When one reads the comments on Youtube or Instagram, or the trending topics on Twitter, a great percentage of them are critical, harsh, and hurtful. The people writing the comments may feel like they are simply tapping buttons on a keyboard, but to the one on the receiving end of the comment, it is very different. This may be intuitive, but I feel that it will be instructive to spell it out. Can you help illustrate to our readers what the recipient of a public online critique might be feeling?

Being criticized online causes a reader to feel completely judged and shamed, publicly. This isn’t a private argument or something that can be worked out, and comments aren’t always seen immediately. This is a public bashing or shaming. Shame is a horrific feeling that makes you feel worthless and that place is so hard to come out of, especially alone when you’re reading it.

Do you think a verbal online attacks feels worse or less than a verbal argument in “real life”? are the two different?

When it comes to comments on social media, they’re in writing. When they’re on the screen in front of you, you are reading physical, manifested words, in a lot of cases over and over and over again. The screen doesn’t make the critique any less real or powerful. In many ways it makes it worst because you have the ability to keep reading it over and over again. A verbal agreement in “real life” offers you the ability to walk away, or use your body language, or even use your hand to touch the person lovingly and remind them you don’t have to argue about this. Online there are no boundaries, and that’s a scary place to be.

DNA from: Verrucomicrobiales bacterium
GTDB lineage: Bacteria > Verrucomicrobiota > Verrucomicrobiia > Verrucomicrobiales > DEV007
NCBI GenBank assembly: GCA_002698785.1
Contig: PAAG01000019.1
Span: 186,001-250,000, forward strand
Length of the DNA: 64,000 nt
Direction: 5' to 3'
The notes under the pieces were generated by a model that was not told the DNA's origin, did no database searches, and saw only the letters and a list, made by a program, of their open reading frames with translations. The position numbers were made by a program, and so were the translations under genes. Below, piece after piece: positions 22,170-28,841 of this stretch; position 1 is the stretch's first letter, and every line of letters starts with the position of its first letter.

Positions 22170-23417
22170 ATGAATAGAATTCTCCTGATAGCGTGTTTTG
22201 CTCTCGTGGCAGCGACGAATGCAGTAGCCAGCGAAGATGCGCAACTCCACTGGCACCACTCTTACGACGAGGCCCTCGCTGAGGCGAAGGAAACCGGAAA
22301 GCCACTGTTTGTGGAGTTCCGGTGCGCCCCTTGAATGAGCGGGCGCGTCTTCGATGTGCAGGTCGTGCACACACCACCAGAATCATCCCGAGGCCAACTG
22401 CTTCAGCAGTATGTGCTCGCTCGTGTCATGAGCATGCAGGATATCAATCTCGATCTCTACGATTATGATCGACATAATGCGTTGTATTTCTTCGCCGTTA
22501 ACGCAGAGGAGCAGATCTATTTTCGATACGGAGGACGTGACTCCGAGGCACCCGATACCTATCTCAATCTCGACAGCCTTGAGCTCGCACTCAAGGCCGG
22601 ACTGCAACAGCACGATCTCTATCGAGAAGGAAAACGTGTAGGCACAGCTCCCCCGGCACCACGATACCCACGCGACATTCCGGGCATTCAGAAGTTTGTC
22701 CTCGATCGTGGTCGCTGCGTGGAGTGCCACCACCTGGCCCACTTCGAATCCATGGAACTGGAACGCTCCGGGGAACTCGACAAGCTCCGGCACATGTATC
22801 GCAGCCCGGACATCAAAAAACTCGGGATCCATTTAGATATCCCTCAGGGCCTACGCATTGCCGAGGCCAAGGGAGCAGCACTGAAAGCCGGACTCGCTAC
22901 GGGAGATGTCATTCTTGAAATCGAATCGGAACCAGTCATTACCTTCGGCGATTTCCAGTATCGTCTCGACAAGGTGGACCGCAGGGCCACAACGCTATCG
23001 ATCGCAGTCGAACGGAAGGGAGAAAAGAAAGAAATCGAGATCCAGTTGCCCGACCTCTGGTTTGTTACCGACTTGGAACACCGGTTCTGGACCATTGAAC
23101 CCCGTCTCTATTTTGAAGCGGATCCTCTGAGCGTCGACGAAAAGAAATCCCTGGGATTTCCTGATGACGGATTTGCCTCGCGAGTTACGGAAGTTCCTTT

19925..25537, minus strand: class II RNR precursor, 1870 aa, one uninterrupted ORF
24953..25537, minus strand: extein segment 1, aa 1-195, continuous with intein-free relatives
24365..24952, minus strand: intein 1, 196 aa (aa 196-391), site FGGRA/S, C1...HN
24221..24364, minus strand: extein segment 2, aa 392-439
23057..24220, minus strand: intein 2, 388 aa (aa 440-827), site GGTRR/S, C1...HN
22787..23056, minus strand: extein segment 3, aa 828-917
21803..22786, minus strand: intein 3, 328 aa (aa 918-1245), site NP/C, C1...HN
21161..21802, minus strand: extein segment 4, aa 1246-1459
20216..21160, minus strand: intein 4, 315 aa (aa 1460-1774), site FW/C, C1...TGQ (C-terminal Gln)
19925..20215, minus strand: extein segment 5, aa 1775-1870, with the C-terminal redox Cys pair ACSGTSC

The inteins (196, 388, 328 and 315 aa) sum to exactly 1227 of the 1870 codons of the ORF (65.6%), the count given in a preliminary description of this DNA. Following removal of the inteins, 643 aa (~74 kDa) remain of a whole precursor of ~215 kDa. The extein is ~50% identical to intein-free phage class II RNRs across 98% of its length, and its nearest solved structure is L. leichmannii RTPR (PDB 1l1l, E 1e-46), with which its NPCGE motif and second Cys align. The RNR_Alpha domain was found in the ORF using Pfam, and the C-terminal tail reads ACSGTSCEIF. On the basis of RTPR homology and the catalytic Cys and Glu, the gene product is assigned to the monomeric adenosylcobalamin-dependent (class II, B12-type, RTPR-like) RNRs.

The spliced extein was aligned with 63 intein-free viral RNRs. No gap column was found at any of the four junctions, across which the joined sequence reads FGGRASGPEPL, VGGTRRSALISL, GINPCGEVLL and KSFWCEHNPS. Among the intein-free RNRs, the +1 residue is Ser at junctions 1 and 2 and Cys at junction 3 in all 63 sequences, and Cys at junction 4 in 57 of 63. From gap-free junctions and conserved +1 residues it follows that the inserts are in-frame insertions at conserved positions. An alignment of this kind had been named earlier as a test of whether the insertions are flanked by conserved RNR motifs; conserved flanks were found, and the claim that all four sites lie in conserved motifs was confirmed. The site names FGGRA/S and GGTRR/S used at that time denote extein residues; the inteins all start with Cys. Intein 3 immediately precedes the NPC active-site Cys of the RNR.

What long term effects can happen to someone who was shamed online?

We have witnessed online shaming result in suicide. We have witnessed people stop their careers or stop sharing their passions for fear of being shamed or cancelled. There are real, long term, mental health effects that scar and in some cases, kill.

Many people who troll others online, or who leave harsh comments, can likely be kind and sweet people in “real life”. These people would likely never publicly shout at someone in a room filled with 100 people. Yet, on social media, when you embarrass someone, you are doing it in front of thousands of even millions of people, and it is out there forever. Can you give 3 or 4 reasons why social media tends to bring out the worst in people; why people are meaner online than they are in person?